A comparison of performance in steadiness tasks for the knee and ankle muscles in elderly

Document Type

Conference publication

Publication details

Crowley, Z, Zhou, S & Bezerra, P 2008, 'A comparison of performance in steadiness tasks for the knee and ankle muscles in elderly', ASICS Conference of Science and Medicine in Sport, Journal of Science and Medicine in Sport, vol. 11, supplement 6, Hamilton Island, Qld., 16-18 October, Sports Medicine Australian, Bruce, ACT, p. S33.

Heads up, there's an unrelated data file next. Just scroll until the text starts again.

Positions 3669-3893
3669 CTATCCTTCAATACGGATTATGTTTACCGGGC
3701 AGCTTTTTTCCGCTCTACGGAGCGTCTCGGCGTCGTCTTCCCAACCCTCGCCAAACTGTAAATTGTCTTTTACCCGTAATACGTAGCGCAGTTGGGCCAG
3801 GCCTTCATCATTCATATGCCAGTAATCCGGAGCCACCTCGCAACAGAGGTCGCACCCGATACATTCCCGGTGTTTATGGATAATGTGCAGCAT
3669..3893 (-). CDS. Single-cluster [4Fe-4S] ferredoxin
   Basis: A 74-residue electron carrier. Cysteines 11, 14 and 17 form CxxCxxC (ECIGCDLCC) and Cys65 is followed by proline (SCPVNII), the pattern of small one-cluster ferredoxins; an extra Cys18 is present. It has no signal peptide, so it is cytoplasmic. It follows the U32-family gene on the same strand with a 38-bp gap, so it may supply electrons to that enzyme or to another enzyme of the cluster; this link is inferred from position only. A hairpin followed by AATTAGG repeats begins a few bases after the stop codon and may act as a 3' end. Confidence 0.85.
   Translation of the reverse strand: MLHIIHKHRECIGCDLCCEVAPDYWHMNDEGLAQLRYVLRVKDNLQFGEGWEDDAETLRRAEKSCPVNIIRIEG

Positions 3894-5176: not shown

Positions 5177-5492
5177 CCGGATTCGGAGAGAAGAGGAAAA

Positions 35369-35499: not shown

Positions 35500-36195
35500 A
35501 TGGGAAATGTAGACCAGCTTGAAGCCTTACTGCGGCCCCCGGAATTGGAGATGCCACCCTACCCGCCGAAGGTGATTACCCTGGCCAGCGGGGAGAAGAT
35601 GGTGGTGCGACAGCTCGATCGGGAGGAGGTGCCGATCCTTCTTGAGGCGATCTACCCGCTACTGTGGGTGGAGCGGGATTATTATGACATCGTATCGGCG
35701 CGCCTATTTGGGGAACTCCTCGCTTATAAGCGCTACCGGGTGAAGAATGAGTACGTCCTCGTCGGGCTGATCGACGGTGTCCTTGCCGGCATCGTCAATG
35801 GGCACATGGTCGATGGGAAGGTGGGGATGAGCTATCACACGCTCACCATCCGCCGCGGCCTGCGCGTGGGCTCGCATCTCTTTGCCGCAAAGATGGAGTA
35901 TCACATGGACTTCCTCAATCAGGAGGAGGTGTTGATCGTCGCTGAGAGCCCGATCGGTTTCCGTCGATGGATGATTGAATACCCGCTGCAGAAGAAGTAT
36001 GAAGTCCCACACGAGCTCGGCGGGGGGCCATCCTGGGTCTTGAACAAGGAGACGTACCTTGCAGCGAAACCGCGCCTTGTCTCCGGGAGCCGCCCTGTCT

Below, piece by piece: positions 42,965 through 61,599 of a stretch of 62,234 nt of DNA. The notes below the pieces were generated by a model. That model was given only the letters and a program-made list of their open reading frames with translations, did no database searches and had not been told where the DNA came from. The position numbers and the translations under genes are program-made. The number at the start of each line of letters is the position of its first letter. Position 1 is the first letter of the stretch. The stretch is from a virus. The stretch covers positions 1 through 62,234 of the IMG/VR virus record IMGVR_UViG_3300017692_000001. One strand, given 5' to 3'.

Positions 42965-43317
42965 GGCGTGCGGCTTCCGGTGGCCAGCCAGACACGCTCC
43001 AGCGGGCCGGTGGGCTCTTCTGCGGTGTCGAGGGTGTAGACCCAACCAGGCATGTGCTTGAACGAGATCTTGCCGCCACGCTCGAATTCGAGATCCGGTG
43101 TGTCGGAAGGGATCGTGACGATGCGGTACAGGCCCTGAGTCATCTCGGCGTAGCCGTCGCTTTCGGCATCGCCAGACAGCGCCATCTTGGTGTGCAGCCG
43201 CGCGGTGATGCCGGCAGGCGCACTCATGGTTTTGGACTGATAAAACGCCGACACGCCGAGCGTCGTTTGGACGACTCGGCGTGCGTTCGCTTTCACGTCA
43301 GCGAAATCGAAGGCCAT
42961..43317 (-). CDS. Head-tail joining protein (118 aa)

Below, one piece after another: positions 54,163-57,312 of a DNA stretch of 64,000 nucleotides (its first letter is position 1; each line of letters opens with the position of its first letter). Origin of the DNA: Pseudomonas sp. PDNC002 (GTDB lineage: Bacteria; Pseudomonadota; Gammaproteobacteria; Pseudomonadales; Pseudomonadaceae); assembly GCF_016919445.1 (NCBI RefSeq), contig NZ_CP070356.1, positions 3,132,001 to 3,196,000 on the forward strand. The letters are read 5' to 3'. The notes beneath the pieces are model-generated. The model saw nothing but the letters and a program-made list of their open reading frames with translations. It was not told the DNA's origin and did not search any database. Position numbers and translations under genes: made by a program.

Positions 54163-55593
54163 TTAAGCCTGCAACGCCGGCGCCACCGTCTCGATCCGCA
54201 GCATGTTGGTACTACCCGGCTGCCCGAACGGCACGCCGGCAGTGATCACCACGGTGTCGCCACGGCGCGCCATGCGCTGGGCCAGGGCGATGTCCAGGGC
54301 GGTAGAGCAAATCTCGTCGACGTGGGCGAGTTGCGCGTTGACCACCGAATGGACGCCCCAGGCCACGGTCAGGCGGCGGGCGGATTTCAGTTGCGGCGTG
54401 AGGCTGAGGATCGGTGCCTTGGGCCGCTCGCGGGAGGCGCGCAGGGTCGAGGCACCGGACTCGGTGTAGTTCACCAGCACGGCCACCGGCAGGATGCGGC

Introduction: Steadiness in force production has been used as an indicator for the ability in control of muscles. Little research has been conducted to compare steadiness performance between different muscles. This study aimed to compare steadiness of knee extensors (KE) and flexors (KF), ankle plantarflexors (AP) and dorsiflexors (AD) in elderly. Methodology: Ten males and ten females, age range 60 to 77 years, performed isometric maximal voluntary contractions (MVC), then isometric KE, KF, AP, and AD steadiness tasks at 5, 15, and 25%MVC levels. Steadiness was quantified by coefficient of variation (CV) of force production around the target levels. Results: ANOVA analysis demonstrated that males’ MVC was significantly greater (P<0.05) than females in all the muscle groups. No gender difference was observed in CV. The pooled results from all subjects showed that, in KF, CV at 5%MVC was higher than that at 15% (P<0.05). In AD, CV at 5% was higher than that at 15 and 25%MVC (P<0.05). However, in AP, CV at 25% was higher than that at 5 and 15%MVC (P<0.05). No difference in CV was found for KE at these target levels. Comparisons between muscles found that AP was the steadiest except at 5%MVC with KE. AD was the least steady at 5%MVC. Conclusions: No significant correlations existed between either agonist/antagonist pairs in steadiness performance at 5-25%MVC levels. The AP appeared to be the steadiest muscle group. These between-muscle differences should be further examined and considered when muscle steadiness is assessed for neuromuscular function of the elderly.